I bought this book a while ago and have been meaning to read it. Then it got picked for book club so I had to read it. This book was a struggle for me from start to finish. I equate it with Wild, in that people went crazy about that book and after two readings, I still didn’t fully understand why. I’m getting the same vibe about this book – it’s so highly spoken about that you’re supposed to like it. Then I question myself for not finding it likable. Here are my problems with this book.
First and foremost, I think information is missing. Whether that was omission by choice or by accident, I do not know. But it doesn’t feel complete. Example: her fellowship at Harvard. She says that shew as watching television 20 hours a day. She says she thinks she was failing. Then, she’s back at Cambridge and getting counseling. There is no discussion whether she passed or failed her fellowship and if she did pass, how she did it. I do not like loose ends when there is an easy an obvious answer to be had.
Second, the footnote that appears every time she talks about a discussion in which she has paraphrased the discussion. She has email, for example, that she paraphrases and says that it’s paraphrased, but the meaning has been retained. If you have an email conversation, why not print verbatim, the relevant parts? Why do you have to paraphrase it? If you do have to, explain why? To me, it indicates that, for reasons we are not told, she doesn’t not want the original language in the book. I have issues with that.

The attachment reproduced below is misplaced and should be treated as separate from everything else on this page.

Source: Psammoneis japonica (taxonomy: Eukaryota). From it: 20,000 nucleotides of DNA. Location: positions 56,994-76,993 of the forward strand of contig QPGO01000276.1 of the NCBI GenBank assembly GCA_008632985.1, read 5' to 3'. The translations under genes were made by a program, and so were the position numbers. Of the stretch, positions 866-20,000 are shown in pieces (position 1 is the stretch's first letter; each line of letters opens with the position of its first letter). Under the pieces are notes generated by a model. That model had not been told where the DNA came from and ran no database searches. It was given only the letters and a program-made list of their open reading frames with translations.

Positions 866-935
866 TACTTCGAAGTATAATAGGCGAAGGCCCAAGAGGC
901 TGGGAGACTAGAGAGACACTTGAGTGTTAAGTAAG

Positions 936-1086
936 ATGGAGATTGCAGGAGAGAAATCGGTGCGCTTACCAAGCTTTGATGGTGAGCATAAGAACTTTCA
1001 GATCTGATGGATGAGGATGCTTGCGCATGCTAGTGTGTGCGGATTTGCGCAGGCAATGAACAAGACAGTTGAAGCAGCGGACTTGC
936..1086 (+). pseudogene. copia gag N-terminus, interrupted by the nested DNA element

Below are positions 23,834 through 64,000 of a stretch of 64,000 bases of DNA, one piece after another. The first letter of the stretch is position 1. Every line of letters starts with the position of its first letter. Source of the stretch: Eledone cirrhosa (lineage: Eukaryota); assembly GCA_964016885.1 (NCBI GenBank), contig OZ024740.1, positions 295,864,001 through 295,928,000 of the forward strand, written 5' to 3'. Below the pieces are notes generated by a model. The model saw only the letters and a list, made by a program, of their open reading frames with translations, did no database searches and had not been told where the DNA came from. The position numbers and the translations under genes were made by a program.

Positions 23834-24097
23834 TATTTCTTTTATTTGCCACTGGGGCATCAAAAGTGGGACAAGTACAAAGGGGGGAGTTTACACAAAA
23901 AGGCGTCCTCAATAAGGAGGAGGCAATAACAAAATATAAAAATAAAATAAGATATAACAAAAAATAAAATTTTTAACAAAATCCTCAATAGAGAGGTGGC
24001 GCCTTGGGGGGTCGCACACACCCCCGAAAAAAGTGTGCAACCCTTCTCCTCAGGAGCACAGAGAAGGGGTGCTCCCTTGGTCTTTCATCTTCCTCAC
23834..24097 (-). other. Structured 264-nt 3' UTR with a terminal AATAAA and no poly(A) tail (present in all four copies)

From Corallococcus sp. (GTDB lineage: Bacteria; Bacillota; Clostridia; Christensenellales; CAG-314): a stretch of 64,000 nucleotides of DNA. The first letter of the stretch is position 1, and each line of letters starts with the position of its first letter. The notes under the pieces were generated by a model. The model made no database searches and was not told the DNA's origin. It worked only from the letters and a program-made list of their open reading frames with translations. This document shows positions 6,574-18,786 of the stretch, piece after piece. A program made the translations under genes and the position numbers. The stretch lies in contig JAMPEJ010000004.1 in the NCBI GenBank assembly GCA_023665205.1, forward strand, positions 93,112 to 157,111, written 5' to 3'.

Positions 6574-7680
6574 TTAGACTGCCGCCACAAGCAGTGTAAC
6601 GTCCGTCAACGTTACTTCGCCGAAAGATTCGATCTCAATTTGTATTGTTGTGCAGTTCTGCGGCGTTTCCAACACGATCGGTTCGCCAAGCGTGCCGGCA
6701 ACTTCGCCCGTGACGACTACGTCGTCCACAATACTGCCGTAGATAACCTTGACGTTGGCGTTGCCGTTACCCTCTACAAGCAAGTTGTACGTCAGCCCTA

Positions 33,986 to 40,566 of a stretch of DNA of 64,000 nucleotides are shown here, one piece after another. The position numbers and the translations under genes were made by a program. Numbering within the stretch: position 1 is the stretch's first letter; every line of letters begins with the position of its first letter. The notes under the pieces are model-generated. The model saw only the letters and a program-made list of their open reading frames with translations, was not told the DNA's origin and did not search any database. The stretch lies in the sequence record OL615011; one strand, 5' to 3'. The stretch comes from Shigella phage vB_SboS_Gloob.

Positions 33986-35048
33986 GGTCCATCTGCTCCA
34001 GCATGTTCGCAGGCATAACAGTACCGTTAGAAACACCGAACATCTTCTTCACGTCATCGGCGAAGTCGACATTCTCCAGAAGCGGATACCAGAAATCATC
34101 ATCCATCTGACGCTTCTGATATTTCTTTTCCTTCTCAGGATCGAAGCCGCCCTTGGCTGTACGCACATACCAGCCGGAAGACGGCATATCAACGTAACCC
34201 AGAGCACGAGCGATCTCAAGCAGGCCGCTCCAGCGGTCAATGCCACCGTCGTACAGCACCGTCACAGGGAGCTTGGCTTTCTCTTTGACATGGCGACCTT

Third, and this is probably not a fair criticism, but things just seem to fall into her lap. She just so happens to be talked into applying for, and receiving, a grant. She gets talked into and wins the fellowship to Harvard, etc. I’m positive there are more to all those stories. And yes, I realize that if you discuss every detail of every event you will have a thousand page book that no one will read. But. In order for me to buy into this story, I would like to have heard more detail about these things.
Fourth, her language. She’s very flowery and uses way too many attempts at foreshadowing, that, to me, did not pay off. I did not appreciate lines like, “as I would find out years later.” Get to the point. Don’t keep telling me something is going to happen. That gets old and annoying.
I appreciate what Dr. Westover went through and how hard she worked to get where she is. And I generally don’t like to negatively review books. However, were I to give this book a good review, I wouldn’t be honest about what I thought and how I felt about it. I did not like it. I can’t change that I did not like it. I can only try to explain why I didn’t care for it. It’s just not my cup of tea. I am sure I’m in the minority here and if you feel you need to check it out, by all means, do so. But don’t say you weren’t warned.